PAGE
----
Pakatakan Artist Colony featured in artwork by Margaret Leveson
You are cordially invited to the opening reception of Margaret Leveson's paintings featuring some of the buildings in this wonderful and historic Pakatakan Arts colony on Saturday, August 16th from 3-5 pm at the Catskill Center's Erpf Gallery on Rt. 28 in Arkville.
The Pakatakan Art Colony was a turn-of-the-century gathering of artists who spent time in the small hamlet of Arkville, NY. The colony began prior to 1886 when a prominent landscape painter from New York City, J. Francis Murphy, found accommodations in Arkville and urged Peter Hoffman, a local businessman and proprietor of the house where he boarded, to build a hotel, which today is called The Pakatakan Hotel. Murphy brought his painter friends to visit the area. In 1887 Alexander H. Wyant arrived here from the Adirondacks. Others regular visitors were Parker Mann, E. Loyal Field, Frank Russell Green, H.D. Kruseman Van Elten, George Smillie, Walter Clark, Arthur Parton, Ernest C. Rost, and J. Woodhull Adams.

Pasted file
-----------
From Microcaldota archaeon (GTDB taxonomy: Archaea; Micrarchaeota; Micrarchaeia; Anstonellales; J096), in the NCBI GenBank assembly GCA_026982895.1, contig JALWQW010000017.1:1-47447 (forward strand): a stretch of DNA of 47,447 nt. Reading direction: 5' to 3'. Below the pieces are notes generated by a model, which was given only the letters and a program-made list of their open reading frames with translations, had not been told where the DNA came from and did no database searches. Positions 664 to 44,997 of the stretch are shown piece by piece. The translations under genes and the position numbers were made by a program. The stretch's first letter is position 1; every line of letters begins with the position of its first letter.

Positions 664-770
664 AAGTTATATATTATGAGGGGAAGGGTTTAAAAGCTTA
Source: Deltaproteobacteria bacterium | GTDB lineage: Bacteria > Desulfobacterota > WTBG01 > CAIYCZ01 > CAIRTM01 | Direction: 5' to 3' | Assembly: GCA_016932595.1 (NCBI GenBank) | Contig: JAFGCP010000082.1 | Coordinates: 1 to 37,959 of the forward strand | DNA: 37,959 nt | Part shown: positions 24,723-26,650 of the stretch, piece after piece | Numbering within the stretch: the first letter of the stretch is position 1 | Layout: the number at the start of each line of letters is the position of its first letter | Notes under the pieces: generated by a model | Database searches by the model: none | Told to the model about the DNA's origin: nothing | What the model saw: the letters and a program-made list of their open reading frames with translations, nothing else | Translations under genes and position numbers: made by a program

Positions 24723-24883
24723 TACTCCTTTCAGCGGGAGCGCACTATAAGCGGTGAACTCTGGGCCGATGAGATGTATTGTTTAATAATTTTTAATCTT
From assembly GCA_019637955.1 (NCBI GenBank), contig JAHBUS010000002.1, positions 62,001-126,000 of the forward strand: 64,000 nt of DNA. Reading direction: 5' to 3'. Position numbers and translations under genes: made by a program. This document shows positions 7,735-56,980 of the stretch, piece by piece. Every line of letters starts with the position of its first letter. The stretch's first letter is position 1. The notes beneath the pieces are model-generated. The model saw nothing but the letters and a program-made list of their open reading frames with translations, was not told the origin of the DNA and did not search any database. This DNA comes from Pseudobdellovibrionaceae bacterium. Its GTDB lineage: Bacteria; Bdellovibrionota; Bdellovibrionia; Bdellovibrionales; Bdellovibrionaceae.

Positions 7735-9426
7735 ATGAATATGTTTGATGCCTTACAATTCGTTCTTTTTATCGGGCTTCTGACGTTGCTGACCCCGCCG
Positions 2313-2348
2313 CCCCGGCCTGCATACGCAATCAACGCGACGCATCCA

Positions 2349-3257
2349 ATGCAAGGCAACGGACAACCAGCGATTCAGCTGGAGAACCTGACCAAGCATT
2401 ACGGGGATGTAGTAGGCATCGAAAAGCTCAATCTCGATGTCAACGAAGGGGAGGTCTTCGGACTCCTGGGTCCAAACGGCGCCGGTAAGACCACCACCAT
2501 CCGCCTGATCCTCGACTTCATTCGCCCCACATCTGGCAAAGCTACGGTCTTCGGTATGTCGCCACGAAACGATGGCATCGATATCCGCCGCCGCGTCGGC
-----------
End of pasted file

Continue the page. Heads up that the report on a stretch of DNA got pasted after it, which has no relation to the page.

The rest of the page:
Many artists stayed in the hotel, but some purchased property and built their own studios. J. Francis Murphy and Adah Murphy built their first one-story shingle style studio in 1887. The artists did not want their houses to dominate nature but attempted to blend them with the rounded tree-covered mountains of the Catskills. What were built on a grand scale where the artists' studios, with windows often rising two stories in height and facing north to bring in the light. The artists of the Pakatakan colony were different from their predecessors, the Hudson River School. Their landscapes tended to be more interpretive than descriptive. They preferred intimate scenes often of dawn or dusk with toned atmospheric views and the places they painted were more generalized than recognizable locations. Their concerns were to produce an art expressive of mood and insights into the human spirit.